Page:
Setting up environment paths may be the trickiest part of this process, so if you are new to this concept, this guide may help you successfully make it through these steps.
After installing geth, the executable should be globally accessible from the command line.
3. Running Geth:
Firstly, create a new account with geth. This can be done by running the command;
geth accounts new
Enter a strong password twice and you are all set. Keep a copy of the address that gets created in a safe place as this is where you will receive all of your mined Ether.
Next, you want to make sure geth is running and connected to the network. To do this, you must run the following command;
geth.exe -rpc -unlock=primary
Since the size of the network is so large, geth is going to take a long time to download those blocks.Once geth displays the message “importing 256 blocks” or something similar, then you know that blocks are being added to the network. However, if you run geth and this mesage is absent after a few minutes, then it is likely there is some connection issue.
Running geth with a higher verbosity may be a solution if you think you are not connecting correctly, which can be done with the following command;
geth.exe -rpc -unlock=primary -verbosity=4
Once you are connected and things are progressing smoothly, eventually Geth will connect to peers in the network and import the Ethereum blockchain. Once geth approaches the current block height, which can be obtained here, then this is when you will want to begin running Ethminer.
4. Running Ethminer:
As indicated by the name, Ethminer is where the actual mining happens. Obtaining work from Geth, Ethminer communicates with your computer’s GPU and performs the work. To run ethminer, we have to tell it where geth is located:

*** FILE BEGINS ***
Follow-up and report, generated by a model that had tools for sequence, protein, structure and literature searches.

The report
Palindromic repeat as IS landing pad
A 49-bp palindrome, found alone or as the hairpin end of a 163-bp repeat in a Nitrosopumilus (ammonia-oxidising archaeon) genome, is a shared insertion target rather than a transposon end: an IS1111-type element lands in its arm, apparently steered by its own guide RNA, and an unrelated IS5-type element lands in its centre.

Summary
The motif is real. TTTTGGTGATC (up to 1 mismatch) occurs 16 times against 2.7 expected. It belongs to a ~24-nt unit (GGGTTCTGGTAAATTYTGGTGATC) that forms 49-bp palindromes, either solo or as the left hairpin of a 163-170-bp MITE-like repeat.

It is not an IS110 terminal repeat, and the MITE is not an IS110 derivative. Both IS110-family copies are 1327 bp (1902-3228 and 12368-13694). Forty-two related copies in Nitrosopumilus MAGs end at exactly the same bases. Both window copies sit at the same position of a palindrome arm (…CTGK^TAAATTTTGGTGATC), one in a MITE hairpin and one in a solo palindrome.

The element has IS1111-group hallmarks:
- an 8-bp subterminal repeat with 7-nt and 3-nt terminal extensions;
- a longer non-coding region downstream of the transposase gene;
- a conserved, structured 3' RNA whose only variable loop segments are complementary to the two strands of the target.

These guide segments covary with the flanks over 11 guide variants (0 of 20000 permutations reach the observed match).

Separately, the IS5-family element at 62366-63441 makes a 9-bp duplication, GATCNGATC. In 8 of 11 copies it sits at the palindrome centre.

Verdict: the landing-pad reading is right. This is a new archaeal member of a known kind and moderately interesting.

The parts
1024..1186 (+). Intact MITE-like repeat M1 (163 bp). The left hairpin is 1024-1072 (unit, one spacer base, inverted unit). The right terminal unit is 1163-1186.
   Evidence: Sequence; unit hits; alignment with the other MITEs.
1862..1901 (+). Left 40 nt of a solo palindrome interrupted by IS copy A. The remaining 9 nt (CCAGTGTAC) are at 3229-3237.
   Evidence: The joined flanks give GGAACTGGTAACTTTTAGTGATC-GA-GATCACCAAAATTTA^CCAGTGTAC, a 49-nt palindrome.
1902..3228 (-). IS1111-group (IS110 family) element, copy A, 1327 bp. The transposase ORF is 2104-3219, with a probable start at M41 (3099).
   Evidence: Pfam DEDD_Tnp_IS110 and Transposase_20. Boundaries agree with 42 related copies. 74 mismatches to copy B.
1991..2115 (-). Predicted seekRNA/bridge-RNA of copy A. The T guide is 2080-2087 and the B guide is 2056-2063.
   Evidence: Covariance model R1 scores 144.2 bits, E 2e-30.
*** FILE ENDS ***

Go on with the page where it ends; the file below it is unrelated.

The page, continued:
ethminer.exe -G -t 3 -F “http://localhost:8545”
This command should be run from /cpp-ethereum/ethminer/Debug, as the compiled executable file is put there by Visual Studio. Now let us break this command down into bitesize chunks;
Firstly, -G tells ethminer we want to mine with GPU instead of your computer’s CPU.
Secondly, -t tells ethminer how many GPUs you want to mine with. Earlier we have compiled Ethminer to use AMD or Nvidia OpenCL code, so ethminer crashes if your onboard GPU is used. Therefore, check Windows to see how many GPUs your computer has and ignore the onboard graphics chip. So, we would only like to use the GPUs that are AMD or Nvidia. Therefore, for a computer with four GPUs, we set -t 3 and we are effectively stating to ethminer that the first three GPUs, that is the AMD GPUs, should be used and to ignore the onboard GPU.
Finally, the -F option tells ethminer where the geth program is located. The steps outlined are correct under the assumption you are using the same windows device for both ethminer and geth. If so, then “http://localhost:8545” is the address of geth’s service for sending work to ethminer. If you installed geth on a different machine, you’ll have to provide ethminer with geth’s IP address instead of localhost.
If everything works as it should, the output will recognize your graphics card and will start working away. The amount of hashes processed per second will also be visible; it should be a large, non-zero number. If you do not see either of these, then you should check the Ethereum GPU mining forum as others are likely to have run into the same problems that you may be experiencing.
Ethminer will output a smiley face and bear the message “Block submitted and accepted!” if you find a block when you are mining while geth will bear a message “Mined block #xxxx.” Also, if you mine stale blocks, that is blocks that were discovered by someone else, you will still get a partial block reward and geth will display the following message; “Mined stale block #xxxx.”
Moreover, if you have more time and resources on hand, you could build larger Ethereum mining rigs instead of just using your computer. The Ethereum Community Forum has a lot of posts on how to build Ethereum mining rigs step-by-step, for example, this video looks at how to get started building a mining rig for beginners.
This guide is slightly adapted from here, many thanks to Timothy J. Coulter.